Written by Douglas Adams and Karey Kirkpatrick
Directed by Garth Jennings
Running Time: 1:49
for thematic elements, action and mild language.
The Hitchhiker's Guide to the Galaxy was a funny, non-sensical yet utterly amusing film that will keep fans of the book happy, and bring in new fans to the classic story.
Arthur Dent is having a bad morning. It seems his house is about to be demolished. Little does he know, that's not the only thing about to be demolished that morning. His close friend Ford Prefect let's him in on a little secret. The Earth is about to be blown up as well, and if Arthur wants to live, he better eat some peanuts, drink some beer, and keep his towel handy. Moments before the planet is destroyed, the two friends hop on a passing Vogon ship and from there, the real adventure begins. They escape the Vogons (or rather, are released into space and improbably picked up by a passing ship) and go on a journey with the President of the Galaxy, one Zaphod Beeblebrox, and a girl Arthur had actually just met a week ago, Tricia McMillan, now known as Trillian. Zaphod is on a quest to find the Question to Life, the Universe and Everything. As it turns out, the Answer is 42, but no one bothered to find the question. So this strange group of people, along with the manic-depressive android Marvin, travel the Universe, in search of fame, fortune, and the Question.
I've read the The Hitchhiker's Guide to the Galaxy at least half a dozen times, along with the first two sequels. The last two books in the five-book trilogy I've only read once each. But before the Harry Potter books came out, the books of Douglas Adams were probably my favorite. They were so wild and out there I couldn't help but have fun imagining the movie in my head. Arthur Dent is such an unlikely space hero that you felt like you were right there with him. So while the movie didn't adhere strictly with the book, the filmmakers (working off an original script co-written by the author himself) were able to keep the irreverent humor while creating a somewhat new story. And if Marvin the android doesn't become some kind of cult hero, I don't know what's wrong with people. I would pay a lot of money to have a Marvin doll.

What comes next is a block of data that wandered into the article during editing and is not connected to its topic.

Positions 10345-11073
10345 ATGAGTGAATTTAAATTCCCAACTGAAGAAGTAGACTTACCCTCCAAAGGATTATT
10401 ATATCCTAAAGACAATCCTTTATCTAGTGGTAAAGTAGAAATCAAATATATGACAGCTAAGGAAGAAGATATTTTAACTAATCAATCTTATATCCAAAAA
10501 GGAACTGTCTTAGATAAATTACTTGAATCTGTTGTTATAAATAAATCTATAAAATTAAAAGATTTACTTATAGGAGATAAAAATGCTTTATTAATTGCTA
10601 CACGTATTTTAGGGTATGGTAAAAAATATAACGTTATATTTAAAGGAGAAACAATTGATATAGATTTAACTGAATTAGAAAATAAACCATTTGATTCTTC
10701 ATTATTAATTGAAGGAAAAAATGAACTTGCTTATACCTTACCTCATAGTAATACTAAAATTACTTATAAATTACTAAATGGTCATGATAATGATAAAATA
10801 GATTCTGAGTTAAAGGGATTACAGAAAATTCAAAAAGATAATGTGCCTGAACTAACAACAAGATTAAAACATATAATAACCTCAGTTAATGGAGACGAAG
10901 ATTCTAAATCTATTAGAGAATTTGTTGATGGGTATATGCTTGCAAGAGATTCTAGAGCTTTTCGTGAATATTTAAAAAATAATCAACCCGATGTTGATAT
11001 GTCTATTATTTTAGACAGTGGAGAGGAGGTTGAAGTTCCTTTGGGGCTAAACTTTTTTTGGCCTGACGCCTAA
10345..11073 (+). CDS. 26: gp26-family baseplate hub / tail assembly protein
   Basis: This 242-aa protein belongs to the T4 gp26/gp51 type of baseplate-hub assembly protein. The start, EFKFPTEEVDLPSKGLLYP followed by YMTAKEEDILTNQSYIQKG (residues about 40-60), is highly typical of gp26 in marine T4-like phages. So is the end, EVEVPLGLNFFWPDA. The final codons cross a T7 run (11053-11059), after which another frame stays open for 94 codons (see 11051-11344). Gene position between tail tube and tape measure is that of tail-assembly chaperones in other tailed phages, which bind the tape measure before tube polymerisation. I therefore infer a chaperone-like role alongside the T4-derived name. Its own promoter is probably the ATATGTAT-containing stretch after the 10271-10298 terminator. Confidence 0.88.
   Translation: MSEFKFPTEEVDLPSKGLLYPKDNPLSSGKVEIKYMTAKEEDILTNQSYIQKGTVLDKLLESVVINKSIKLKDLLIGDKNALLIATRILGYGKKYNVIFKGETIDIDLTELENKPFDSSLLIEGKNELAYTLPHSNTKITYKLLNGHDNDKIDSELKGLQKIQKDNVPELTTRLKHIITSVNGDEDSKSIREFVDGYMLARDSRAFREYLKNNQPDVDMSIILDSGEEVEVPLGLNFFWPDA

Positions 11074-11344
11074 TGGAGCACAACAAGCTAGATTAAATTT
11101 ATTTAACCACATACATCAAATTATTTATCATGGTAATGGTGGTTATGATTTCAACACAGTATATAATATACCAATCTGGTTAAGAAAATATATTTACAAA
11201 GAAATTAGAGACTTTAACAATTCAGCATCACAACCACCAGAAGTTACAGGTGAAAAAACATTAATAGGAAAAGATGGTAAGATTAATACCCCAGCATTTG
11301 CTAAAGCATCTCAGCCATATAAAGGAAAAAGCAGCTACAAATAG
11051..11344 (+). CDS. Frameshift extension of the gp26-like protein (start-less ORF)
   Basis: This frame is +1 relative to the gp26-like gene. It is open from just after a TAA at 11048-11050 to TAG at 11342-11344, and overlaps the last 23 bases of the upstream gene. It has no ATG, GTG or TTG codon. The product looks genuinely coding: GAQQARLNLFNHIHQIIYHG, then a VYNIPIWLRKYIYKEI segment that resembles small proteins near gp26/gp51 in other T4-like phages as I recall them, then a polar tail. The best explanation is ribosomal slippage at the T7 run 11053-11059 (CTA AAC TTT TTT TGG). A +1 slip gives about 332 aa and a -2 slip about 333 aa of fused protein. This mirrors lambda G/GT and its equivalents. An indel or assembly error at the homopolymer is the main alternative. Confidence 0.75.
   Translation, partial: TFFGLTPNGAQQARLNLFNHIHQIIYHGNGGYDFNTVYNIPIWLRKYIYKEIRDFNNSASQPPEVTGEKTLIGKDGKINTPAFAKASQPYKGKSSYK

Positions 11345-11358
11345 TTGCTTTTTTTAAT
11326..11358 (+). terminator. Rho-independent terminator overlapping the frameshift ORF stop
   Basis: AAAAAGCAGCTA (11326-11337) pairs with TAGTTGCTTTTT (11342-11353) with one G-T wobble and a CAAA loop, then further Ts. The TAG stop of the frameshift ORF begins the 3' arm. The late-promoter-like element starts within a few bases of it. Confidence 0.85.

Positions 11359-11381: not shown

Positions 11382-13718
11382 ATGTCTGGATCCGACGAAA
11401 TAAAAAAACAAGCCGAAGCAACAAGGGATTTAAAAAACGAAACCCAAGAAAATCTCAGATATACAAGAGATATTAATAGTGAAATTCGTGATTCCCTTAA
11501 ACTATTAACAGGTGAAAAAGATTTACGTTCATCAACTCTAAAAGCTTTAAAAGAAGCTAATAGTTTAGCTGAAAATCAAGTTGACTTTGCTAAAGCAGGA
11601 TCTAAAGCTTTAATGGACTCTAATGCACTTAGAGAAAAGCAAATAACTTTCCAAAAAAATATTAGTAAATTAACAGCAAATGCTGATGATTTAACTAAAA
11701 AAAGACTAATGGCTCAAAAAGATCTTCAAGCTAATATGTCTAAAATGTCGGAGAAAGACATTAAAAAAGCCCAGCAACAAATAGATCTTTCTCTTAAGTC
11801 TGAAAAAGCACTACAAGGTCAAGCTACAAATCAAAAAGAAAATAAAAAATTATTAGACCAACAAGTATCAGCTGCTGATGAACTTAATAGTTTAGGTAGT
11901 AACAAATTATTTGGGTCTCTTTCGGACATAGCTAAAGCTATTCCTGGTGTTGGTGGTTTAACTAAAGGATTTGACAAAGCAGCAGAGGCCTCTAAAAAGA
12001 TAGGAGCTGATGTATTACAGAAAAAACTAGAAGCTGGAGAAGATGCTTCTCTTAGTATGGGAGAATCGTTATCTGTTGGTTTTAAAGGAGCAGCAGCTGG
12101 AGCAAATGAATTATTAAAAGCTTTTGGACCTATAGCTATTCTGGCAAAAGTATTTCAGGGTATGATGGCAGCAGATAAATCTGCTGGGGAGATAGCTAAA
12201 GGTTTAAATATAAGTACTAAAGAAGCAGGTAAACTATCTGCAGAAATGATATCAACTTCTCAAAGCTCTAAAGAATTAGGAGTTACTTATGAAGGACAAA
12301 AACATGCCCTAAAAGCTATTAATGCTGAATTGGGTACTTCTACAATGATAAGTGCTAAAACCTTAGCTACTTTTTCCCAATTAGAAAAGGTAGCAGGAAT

I'll admit, when I saw the casting choices for the movie, I thought, oh no, they've gone and screwed up this terrific story. I mean, one of the guys from The Office? Two people named Mos Def and Zooey? I couldn't for the life of me imagine them as these great characters. But you know what? They pulled it off. Mos Def was the one casting choice I thought would bring down the movie, but his portrayal of Ford, while not as insane as the character in the books, was well done and very entertaining. He was reined in a little too much, but still fun. Martin Freeman as Arthur pulled off the everyman character, going from befuddled Earthman, to outer space adventurer. Zooey Deschanel still probably wouldn't be my first choice for Trillian, but she was good enough. But the real coup was Sam Rockwell as Zaphod. His interpretation of Zaphod as an intergalactic cowboy was almost pitch perfect. In the books, Zaphod is an egotistical megalomaniac who wants nothing more than all the power and fame he can get. And in the movie, Zaphod is an egotistical megalomaniac who blows up a planet just because he thinks someone wants his autograph. You can't help but laugh whenever Zaphod opens his mouth. There are times he sounds like a dead ringer for President Bush, and you have to think that was kind of the point. Then there's Marvin, who also is a perfect replica of the character in the book. Always depressed, he looked so sweet and Alan Rickman's voice was flawless.
The story, as it was, was kind of strange. Mainly because there really wasn't one. It was kind of a mess of scenes where there was no end to the story arc. Maybe they're hoping for a sequel, which I would totally love to see, but they never resolve much. There was too much of the 'love' story between Arthur and Trillian for my liking, but I guess they threw that in there to maybe attract more female viewers? I would have preferred they left that out, or at least didn't play it up so much. The scenes that did take place, whether taken from the book or original, were bumpered by animated sequences from the infamous Hitchhiker's book. You know the one with the words 'Don't Panic' written in giant letters on the cover? Some of those animated sequences garnered more laughs than the movie itself, which just added to the quirkiness of the film. The funniest scene might have been one where they come off of the improbability jump and all end up as string. Yeah, you kind of need to see the movie to understand that one.
The special effects were all top notch, and the Vogons looked to be all puppetry as opposed to the usual present-day CGI creations. CGI is nice and all, but you can tell a lot of the times that the actors aren't looking at anything. Creating these huge, ugly creatures and having them be real was a stroke of genius. Yes they were goofy looking, but they were supposed to be. That being said, the effect when Arthur and Slartibartfast (the man who created the fjords of Norway) take a trip through the planet factory, was fantastic. They hop onto a crane and fly literally around the world and we see how Earth was really created. We also learn that dolphins are the second most intelligent creatures on the planet and that maybe we shouldn't shoo a mouse when we see one.
THE BOTTOM LINE
So overall, whether you're a fan of the books or not, I think you'll enjoy The Hitchhiker's Guide to the Galaxy. I had a great time, and I can tell how much I enjoyed a movie when, the day after, I'd pay to go see it again immediately. This could go down as one of my favorite films ever. It's not perfect, but it's one hell of a fun ride.
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